The election of Barack Obama to the American presidency has been described by pundits as "historic," "momentous" or with other glowingly optimistic adjectives. But the significance of Obama's election pales in comparison to the gravity of the challenges he'll face once the last syllables of the oath of office pass his lips.
One such challenge demanding his attention is the nation's flagging technology infrastructure. The nation that created the Internet now finds itself steadily falling behind on almost all technology fronts. But Obama was elected in part by a generation who grew up with technology. Though George W. Bush and the outgoing GOP strategists were avid technophiles, they tended to use technology on a macro scale. Obama is America's first BlackBerry president. His campaign was driven by technology. It's a safe bet his administration will be too.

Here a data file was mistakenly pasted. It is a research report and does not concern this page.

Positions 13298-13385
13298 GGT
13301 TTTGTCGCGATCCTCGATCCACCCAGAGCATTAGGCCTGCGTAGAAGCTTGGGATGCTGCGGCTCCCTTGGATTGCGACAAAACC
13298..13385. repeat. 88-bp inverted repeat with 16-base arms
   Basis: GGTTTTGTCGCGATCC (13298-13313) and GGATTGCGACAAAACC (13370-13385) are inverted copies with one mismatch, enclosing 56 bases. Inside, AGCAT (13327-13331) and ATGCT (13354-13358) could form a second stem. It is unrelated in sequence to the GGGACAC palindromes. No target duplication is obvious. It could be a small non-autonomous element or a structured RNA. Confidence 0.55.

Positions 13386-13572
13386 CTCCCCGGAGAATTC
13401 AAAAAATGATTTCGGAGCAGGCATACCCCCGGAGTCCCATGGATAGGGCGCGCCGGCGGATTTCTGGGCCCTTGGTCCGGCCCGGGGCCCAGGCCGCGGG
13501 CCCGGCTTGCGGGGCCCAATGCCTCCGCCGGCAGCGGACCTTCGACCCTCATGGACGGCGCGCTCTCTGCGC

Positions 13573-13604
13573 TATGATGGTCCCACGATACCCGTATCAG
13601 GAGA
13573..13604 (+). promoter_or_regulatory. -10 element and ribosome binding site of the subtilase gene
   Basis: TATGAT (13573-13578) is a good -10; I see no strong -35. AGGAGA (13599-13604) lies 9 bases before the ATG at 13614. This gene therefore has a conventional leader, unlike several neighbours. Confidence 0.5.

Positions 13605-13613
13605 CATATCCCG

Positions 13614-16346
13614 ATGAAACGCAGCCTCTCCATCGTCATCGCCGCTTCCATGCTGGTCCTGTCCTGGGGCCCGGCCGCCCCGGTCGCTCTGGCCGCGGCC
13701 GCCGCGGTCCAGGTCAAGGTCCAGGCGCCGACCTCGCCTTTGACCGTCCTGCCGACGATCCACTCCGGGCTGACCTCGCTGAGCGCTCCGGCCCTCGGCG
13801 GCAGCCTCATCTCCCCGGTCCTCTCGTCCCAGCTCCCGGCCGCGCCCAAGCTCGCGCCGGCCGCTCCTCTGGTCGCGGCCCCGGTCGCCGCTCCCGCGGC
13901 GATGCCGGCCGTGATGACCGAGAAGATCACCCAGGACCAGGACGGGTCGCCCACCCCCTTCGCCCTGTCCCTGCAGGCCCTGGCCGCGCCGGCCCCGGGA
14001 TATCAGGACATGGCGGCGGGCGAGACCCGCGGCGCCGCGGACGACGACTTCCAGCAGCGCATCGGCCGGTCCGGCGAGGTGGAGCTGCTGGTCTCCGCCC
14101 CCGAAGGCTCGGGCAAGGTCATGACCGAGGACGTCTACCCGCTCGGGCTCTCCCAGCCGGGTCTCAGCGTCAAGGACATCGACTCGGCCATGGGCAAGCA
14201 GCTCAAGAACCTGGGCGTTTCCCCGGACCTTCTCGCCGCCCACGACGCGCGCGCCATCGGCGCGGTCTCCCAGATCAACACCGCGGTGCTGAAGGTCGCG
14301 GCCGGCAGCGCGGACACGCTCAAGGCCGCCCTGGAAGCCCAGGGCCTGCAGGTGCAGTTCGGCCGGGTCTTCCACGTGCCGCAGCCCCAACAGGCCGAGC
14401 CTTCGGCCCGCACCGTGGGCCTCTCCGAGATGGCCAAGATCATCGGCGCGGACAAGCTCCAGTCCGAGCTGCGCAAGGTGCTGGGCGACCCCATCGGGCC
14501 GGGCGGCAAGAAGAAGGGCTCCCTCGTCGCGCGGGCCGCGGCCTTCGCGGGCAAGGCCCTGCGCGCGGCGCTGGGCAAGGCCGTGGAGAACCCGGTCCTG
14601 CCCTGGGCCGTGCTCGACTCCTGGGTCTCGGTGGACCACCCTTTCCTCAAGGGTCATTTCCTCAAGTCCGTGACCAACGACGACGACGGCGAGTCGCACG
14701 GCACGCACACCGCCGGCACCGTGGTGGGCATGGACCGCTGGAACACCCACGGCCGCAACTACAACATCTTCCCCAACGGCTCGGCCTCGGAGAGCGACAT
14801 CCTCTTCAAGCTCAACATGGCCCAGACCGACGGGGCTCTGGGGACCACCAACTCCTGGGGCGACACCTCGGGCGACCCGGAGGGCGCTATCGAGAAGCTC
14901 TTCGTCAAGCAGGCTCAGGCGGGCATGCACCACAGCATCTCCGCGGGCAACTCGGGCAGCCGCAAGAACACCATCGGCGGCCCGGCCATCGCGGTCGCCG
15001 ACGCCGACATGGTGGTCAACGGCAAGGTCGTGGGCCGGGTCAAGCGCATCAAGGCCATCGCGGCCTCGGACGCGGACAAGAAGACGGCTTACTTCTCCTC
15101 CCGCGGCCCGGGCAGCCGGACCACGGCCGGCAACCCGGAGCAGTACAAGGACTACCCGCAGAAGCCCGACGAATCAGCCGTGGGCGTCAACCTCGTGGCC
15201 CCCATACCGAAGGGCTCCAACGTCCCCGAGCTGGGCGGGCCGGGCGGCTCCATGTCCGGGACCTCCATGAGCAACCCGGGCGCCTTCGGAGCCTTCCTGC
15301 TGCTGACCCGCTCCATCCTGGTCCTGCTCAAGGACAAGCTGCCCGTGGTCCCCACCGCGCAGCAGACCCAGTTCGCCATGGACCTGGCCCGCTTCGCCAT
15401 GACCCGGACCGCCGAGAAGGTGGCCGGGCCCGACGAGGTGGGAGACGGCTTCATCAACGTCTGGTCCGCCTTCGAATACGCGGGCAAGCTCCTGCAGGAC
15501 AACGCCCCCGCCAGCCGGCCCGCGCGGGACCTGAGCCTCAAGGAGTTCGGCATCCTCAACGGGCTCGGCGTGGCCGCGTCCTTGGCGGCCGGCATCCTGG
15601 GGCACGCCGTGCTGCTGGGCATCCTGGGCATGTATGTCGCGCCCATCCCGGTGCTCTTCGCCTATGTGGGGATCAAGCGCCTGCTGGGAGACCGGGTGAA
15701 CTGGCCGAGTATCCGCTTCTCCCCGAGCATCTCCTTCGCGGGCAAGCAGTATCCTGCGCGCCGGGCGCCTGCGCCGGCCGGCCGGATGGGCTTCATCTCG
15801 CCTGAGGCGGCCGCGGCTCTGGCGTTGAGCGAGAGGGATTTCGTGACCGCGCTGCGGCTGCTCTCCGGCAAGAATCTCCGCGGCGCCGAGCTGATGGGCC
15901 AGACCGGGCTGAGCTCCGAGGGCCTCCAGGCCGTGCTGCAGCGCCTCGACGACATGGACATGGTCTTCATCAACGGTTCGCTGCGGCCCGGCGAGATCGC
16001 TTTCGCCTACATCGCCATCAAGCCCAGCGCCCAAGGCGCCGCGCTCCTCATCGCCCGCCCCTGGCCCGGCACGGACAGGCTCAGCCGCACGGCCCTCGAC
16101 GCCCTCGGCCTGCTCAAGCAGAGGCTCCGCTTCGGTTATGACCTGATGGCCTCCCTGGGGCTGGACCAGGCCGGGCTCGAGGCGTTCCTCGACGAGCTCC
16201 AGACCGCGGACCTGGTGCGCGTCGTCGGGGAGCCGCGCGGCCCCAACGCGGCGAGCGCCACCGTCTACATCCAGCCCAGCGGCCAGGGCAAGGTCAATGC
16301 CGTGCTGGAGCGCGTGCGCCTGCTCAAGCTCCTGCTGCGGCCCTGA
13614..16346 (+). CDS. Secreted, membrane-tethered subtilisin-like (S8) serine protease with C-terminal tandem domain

On the following pages is a two-part look at what those in public-sector IT can look forward to from the Obama administration. First, Editor Steve Towns reports on Obama's plan to establish the nation's first chief technology officer (CTO). Who might it be? And what will a national CTO mean for IT? Second, Associate Editor Chad Vander Veen and Assistant Editor Matt Williams turn to industry experts and insiders for a high-level discussion about the fate of our national IT infrastructure. Can Obama catapult the U.S. back into technology's pole position?
Obama has made history once. The question now is whether that trend will continue.